Intensities in Ten Suburbs

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100 Years, 100 Songs: #93. Alice in Chains – “Would?”

Posted by Andrew Unterberger on April 16, 2007

“Am I wrong? / Have I run too far to get home?”

There are no songs by Nirvana or Pearl Jam on this list. Both bands I would consider among the greatest of the last twenty years, easy, and both have about as many classics to their name as any other band of the era. But neither of them really have that one transcendent song that stands out from the rest of their catalogue, and yes, that includes “Smells Like Teen Spirit,” since this list only include songs that I don’t reflexively switch off on the radio because I never need to hear it again.

Alice in Chains’ “Would?” is the only song from the grunge Big Four (Nirvana, PJ, AIC, Soundgarden) on this list, maybe because it barely even sounds like a grunge song. Nothing against grunge in particular–the concept of melding metal’s sound with punk’s methodology was a smart, if inevitable one–but the genre produced few classic songs in its pure form, and most of the hit songs associated with grunge today have barely anything to do with Mudhoney or Green River.

First off, “Would?” is that unfortunate rarity among grunge, or really all hard rock songs–one anchored and propelled by a lead bass line. Outside of Weezer, The Breeders and a couple Green Day songs (and Primus, but they suck), the bass was heavily underused as a lead (or even audible) instrument in 90s rock, but in “Would?” it’s by far the most memorable part of the song, mysterious, pitch-black and bone-chilling. It sets the tone for the song perfectly, and remains just about the only reason AIC bassist Mike Starr’s name is worth remembering.

And anyway, there was a certain spooky, ethereal quality to Alice in Chains that made them always stand out from the grunge pack to begin with. Eddie Vedder occasionally seemed disturbed, Kurt Cobain was obviously genuinely troubled, but Layne Stayley often sounded downright evil. The druggy haze that early AIC songs existed in, combined with Stayley’s deathly lyrics and his and Jerry Cantrell’s piercing, unsettling harmonies, made AIC’s best songs sound disturbing and deeply disturbed; other grunge bands were tough, but only AIC seemed genuinely menacing.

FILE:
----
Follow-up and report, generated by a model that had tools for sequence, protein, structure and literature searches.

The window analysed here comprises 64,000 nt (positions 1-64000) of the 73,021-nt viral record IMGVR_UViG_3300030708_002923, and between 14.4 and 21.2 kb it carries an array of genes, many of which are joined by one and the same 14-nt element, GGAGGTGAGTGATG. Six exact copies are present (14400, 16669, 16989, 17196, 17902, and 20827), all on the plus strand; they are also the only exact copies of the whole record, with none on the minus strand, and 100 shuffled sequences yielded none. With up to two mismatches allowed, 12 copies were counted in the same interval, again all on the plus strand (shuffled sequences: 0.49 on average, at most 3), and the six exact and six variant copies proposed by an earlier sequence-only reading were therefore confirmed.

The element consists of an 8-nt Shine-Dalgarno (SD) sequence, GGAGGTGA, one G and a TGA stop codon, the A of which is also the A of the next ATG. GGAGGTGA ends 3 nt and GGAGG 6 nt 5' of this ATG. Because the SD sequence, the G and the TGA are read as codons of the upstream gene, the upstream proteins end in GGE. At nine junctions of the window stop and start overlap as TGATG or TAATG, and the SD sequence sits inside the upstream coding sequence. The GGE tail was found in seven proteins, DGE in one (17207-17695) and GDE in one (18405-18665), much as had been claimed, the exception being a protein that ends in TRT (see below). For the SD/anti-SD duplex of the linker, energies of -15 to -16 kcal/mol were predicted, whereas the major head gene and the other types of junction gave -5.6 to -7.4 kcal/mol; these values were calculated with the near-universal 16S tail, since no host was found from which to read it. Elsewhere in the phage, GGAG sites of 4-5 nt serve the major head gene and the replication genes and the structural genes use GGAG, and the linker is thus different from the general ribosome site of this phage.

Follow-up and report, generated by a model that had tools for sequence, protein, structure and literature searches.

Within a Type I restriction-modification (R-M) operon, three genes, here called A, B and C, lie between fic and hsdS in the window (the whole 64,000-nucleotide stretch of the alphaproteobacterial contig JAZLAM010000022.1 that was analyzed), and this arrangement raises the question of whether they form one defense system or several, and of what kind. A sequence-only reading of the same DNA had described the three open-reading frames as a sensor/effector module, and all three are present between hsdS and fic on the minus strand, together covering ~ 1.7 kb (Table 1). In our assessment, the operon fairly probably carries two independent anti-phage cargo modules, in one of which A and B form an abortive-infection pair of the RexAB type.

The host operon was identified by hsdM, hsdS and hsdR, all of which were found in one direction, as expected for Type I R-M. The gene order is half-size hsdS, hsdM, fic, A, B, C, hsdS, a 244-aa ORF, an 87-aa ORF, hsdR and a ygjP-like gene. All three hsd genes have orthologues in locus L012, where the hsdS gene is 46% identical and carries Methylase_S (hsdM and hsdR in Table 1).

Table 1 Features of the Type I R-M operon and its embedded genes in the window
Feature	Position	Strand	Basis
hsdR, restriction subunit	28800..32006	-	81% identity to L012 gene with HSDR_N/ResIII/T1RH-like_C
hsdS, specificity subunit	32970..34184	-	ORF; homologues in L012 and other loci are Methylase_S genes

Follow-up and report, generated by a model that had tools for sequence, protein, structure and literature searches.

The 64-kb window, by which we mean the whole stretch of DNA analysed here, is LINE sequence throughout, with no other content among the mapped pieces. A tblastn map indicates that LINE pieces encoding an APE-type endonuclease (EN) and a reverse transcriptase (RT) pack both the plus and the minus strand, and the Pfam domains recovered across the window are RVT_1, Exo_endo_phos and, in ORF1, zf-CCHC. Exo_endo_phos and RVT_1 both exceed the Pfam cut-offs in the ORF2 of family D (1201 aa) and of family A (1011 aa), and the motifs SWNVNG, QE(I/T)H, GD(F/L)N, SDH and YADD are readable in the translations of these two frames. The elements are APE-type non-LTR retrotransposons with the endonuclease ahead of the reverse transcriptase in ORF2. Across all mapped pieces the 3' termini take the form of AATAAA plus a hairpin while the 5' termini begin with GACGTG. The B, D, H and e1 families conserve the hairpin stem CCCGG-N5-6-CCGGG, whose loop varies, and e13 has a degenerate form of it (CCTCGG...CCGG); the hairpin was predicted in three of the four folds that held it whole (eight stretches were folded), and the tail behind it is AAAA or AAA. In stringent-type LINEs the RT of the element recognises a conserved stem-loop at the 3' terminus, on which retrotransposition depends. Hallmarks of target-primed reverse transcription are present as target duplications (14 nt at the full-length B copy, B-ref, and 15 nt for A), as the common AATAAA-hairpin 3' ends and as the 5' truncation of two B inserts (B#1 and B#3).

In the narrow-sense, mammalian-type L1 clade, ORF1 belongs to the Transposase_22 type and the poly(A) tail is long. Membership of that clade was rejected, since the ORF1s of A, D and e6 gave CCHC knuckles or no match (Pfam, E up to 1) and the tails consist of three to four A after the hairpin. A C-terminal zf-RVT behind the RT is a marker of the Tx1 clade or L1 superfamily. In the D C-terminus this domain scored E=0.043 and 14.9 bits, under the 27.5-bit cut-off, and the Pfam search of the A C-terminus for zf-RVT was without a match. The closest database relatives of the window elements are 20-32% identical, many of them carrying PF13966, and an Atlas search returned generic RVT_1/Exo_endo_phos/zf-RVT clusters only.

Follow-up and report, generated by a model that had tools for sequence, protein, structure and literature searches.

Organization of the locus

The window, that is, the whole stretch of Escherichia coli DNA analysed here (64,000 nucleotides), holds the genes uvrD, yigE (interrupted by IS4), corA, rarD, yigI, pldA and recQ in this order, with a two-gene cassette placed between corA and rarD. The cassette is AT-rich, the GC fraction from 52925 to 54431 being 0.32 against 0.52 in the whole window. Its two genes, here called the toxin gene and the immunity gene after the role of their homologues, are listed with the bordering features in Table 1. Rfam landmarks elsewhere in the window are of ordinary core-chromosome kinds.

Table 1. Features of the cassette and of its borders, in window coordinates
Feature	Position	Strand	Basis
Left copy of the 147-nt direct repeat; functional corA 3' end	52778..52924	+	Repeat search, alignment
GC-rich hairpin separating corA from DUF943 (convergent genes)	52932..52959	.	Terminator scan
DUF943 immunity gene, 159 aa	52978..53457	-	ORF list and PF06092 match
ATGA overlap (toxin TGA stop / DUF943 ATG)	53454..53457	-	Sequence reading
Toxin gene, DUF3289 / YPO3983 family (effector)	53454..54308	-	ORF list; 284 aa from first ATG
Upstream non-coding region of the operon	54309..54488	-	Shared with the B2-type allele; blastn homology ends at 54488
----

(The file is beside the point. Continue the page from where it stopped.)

What makes “Would?” the best AIC song is that not only is it one of their scariest, creepiest songs, but it’s also definitely their most cinematic. Short lulls of verse serve as lead ins to the song’s thrilling, action-packed but ambiguous chorus (“Into the flood again / same old trip it was back then / So I made a big mistake / try to see it once my way”) After two acts of this drama, including a brief instrumental intermission to build up tension, the song even has a twist ending of sorts, with the song’s hook dropping out and Stayley’s conviction turning to self-doubt (“Am I wrong? / Have I run too far to get home?”) And the song’s devestating finale (“IF! I! WOULD! COULD! YOU?”) is one of rock’s most haunting conclusions, 90s alternative’s “Forget it, Jake, it’s Chinatown.”

It’s only appropriate that a song this cinematic should have broken through to popular consciousness through a movie soundtrack. Ironically, it did it through the romantic comedy Singles, which despite being set in the grunge scene and featuring almost all of the genre’s leading lights, is about the movie’s diametric opposite in tone–sweet, heartfelt and unassuming where “Would?” was growling, scarred and practically apocalyptic. “Would?” belongs in a permanent-midnight flick like Se7en or The Crow, not a movie featuring extended ruminations on the importane of saying “God Bless You” after someone sneezes. More appropriate is the place of “Would?” as the closer to AIC’s ’92 masterpiece Dirt, a haunting (sorry, I’m out of synonyms for this extremely appropriate word and I don’t believe in thesauruses) conclusion to one of the most chilling (again) of the 90s.

The back catalogues of Nirvana and Pearl Jam ultimately own AIC’s several times owner, but with “Would?” they created a song at least as enduring and still-echoing as any those bands would create. And especially after Stayley’s unfortunately too-late-to-be-tragic drug-related death, it’s one whose place in the alt-rock canon is permanently cemented.

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